Annette Addo-Yobo makes history as the first immigrant-born Ghanian to win Miss Texas. Source: @annetteaddoyobo on Instagram.

First Immigrant-Born and Ghanian Wins Miss Texas 2024 

Annette Addo-Yobo makes history as the first immigrant-born Miss Texas, overcoming citizenship challenges. She plans to use platform to advocate for autism awareness.

2 mins read

Mia Boykin 

On June 29, Annette Addo-Yobo of North Texas was crowned Miss Texas 2024, making her the first immigrant-born and Ghanian to win the title. Born in Ghana and raised in Canada and the United States, Addo-Yobo’s position as an immigrant meant she faced unique challenges in comparison to the other competitors. 

Addo-Yobo completed her bachelor’s degree in psychology at the University of Texas at Dallas in 2020, but she was still not a U.S. citizen at the time. According to a post on the “Miss Southlake” account, Addo-Yobo faced limitations due to her citizenship status, stating she “lost out on many opportunities as a teenager and college student.” It wasn’t until 2022 that she became a U.S. citizen.

Expressing her gratitude on Instagram, Addo-Yobo wrote, “I am humbled, honored, and grateful to be the 87th Miss Texas and hope to continue making history with the Texas community and the Miss Texas class.”

As the new Miss Texas, Addo-Yobo will receive $20,000 in scholarship funds and will represent the state in the Miss America contest in 2025. Before her current title, she held the position of Miss Dallas in 2023.

Addo-Yobo’s win could mean a lot for young Black girls in Texas, as representation of Black women in beauty pageants has historically led to more Black participation. Addo-Yobo comes from a long line of Black women who inspired the next generation. In 2019, all the major pageant titles were held by Black women, such as Zozibini Tunzi (Miss Universe 2019), or Chelsie Kryst (Miss USA 2019). This underscores the trickle-down effect of representation on younger girls, creating a more diverse space for them to compete.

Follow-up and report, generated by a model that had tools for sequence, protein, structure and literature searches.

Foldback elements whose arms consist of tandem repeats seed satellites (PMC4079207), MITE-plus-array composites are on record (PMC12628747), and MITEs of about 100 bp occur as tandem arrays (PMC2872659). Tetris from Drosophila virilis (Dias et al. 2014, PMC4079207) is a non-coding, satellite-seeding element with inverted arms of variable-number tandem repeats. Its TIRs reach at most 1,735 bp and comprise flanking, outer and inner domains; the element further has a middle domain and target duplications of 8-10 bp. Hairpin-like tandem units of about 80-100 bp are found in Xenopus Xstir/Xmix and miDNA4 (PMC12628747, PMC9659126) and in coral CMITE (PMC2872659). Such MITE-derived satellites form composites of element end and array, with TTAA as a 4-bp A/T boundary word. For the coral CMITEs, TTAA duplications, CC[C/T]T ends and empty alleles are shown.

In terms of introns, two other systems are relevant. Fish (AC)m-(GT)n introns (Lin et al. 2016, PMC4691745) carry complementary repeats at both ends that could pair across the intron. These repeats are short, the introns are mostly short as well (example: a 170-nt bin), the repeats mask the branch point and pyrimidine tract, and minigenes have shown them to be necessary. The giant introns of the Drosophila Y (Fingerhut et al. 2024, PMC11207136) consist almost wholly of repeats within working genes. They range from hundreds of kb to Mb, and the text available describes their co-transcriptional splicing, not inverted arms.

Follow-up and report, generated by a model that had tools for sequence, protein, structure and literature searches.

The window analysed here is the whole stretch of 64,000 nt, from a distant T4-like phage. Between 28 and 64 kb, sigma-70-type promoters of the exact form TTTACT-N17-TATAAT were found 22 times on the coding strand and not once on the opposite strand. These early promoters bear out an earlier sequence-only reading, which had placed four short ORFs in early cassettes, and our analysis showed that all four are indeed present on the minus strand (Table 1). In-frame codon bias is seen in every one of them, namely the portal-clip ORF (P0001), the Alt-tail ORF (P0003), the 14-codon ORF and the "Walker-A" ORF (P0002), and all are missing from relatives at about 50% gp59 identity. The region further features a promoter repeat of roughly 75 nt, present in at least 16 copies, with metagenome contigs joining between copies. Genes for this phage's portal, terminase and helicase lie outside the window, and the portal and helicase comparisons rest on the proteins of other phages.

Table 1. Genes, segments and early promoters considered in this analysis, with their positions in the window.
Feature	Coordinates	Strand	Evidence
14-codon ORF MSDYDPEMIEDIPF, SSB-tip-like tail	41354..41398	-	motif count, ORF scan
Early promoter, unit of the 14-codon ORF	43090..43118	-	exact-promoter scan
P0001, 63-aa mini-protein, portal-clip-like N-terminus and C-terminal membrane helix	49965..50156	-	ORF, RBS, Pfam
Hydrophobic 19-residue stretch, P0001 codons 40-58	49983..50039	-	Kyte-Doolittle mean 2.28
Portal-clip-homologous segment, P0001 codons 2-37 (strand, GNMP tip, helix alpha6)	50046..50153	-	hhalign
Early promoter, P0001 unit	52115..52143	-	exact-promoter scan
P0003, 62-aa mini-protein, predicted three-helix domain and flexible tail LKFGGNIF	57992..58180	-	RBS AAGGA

Besides being beautiful and college-educated, Addo-Yobo also uses her platform to highlight a cause close to her heart: autism awareness. Her spoken word performance in the talent contest reflected her ongoing commitment to this issue, which stems from personal experience.

“I want to bring autism safety, awareness and education to the frontlines of our programming and our legislation,” Addo-Yobo explained. “My younger brother Andrew was diagnosed on the spectrum when he was age four. And as an immigrant to this country, he had a large learning curve to overcome.”

Addo-Yobo traveled to Capitol Hill in March to advocate for Autism Speaks. Source: @annetteaddoyobo on Instagram.

Her initiative, The SPARK Project, aims to address the structural inequities faced by individuals on the autism spectrum. Addo-Yobo elaborated on her mission in an Instagram post: “As a sibling to someone on the spectrum, I noticed the systemic inequities and lack of education and training very early. It is my mission to amplify the voices of the autistic community and ensure that legislators, decision-makers, and community members see us and fight for us.”

Addo-Yobo’s dedication to this cause extends beyond the pageant stage. Her Miss Southlake social media account documents her advocacy work, including a trip to Capitol Hill in March as a volunteer advocate for Autism Speaks. 

As she embarks on her reign as Miss Texas 2024, Addo-Yobo appears poised to use her newfound platform to further her advocacy efforts and continue making history. 

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